Study Finds Beaver Dams Help Clean Polluted Waters

Once Valued for Little More than their Fur, Beavers Are our Newest Clean Water Allies

   

Add beavers to the list of nature-based solutions we love. 

A study conducted by scientists from the University of Rhode Island recently discovered that beaver dams can help remove up to 45 percent of harmful nitrogen from streams and creeks.

Nitrogen is one of the most problematic pollutants in the Potomac and the Chesapeake Bay. Nitrates, nitrogen-based chemicals found in fertilizers and other chemical compounds, wash off agricultural and urban areas after rain in the form of polluted runoff. Wastewater treatment plants also contribute to the problem.

These chemicals cause algae blooms, which in turn result in dead zones, underwater areas devoid of oxygen where fish and other aquatic life struggle to survive.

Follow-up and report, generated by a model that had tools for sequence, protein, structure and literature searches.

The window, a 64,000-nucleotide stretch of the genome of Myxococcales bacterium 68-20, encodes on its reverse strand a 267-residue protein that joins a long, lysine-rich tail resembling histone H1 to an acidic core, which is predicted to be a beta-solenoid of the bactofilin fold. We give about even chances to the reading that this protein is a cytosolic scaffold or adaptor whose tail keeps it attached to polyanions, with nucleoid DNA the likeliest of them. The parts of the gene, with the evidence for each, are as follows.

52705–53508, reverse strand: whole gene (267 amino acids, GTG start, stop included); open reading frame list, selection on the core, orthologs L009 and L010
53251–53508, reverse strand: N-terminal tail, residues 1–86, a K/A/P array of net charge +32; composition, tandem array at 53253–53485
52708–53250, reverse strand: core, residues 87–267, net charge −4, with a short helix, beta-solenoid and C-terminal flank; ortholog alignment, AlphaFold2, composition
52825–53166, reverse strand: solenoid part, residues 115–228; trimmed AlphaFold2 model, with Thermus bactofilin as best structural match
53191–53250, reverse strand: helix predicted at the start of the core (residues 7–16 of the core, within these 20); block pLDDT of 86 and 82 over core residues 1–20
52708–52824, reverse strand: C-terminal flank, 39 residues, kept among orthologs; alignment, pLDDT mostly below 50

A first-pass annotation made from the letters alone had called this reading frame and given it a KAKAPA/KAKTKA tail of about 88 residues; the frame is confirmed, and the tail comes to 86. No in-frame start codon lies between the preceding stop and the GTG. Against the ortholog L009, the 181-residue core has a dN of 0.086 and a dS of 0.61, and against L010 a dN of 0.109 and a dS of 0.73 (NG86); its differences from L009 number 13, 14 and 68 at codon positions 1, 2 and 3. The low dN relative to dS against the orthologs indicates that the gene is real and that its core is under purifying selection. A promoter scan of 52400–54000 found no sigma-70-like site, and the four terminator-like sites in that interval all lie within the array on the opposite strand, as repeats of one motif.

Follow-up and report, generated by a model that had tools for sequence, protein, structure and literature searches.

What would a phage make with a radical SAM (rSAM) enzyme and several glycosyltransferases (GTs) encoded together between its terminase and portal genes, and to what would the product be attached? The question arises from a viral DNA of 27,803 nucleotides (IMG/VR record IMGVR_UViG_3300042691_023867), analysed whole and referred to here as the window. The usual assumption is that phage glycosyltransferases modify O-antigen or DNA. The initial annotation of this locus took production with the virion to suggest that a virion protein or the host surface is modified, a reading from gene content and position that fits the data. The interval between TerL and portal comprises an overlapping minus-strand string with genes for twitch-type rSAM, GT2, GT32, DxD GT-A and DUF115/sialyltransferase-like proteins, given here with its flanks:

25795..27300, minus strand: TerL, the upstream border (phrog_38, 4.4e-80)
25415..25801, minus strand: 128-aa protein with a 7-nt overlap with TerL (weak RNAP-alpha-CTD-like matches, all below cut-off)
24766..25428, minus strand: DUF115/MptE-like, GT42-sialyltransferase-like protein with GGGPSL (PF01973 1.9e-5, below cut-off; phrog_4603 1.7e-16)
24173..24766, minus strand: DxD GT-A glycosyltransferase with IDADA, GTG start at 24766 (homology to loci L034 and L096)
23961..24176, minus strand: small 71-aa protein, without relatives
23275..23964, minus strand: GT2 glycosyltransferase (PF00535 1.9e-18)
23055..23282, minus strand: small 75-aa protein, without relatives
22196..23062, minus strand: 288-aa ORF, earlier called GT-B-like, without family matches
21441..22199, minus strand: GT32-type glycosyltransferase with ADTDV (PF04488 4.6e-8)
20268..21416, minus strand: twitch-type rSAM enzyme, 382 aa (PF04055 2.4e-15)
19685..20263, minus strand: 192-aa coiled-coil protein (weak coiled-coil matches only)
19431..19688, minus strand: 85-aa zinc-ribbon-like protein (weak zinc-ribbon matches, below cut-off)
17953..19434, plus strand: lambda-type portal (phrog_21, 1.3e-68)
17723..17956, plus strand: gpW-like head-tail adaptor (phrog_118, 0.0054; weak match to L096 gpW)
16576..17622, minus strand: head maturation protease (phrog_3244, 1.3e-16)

A beaver dam found on a protected property in frederick county, virginia. 

Less nitrogen means healthier streams, creeks, and rivers and improved habitat for fish and other wildlife. 

News about the beaver's pollution-fighting powers is helping change the perception of North America's largest rodent, an animal that was nearly lost a century ago to overhunting. Populations have been rebounding across the country in recent decades and this news only adds to the beaver's impressive comeback story — from pest to clean water warrior. 

Though beavers have been used to help restore streams before, it was not known that their presence on a stream or creek reduces nitrogen pollution.

So how does the beaver do it?

When a beaver builds a dam, the dam traps water behind it, forming a pond. Aquatic plants like lily pads sprout up in the pond, and the dead leaves and plant matter eventually fall to the bottom to decompose, becoming feast material for bacteria.

As the plant material decomposes, oxygen levels drop, and the bacteria are forced to find another source of oxygen. They turn to the nitrates in the water, breaking down the chemicals, using the oxygen, and releasing the nitrogen out of the water as a gas.

All because of the busy beaver. 

We’re pretty sure the beavers have no idea this is going on, but we love them anyway.

   

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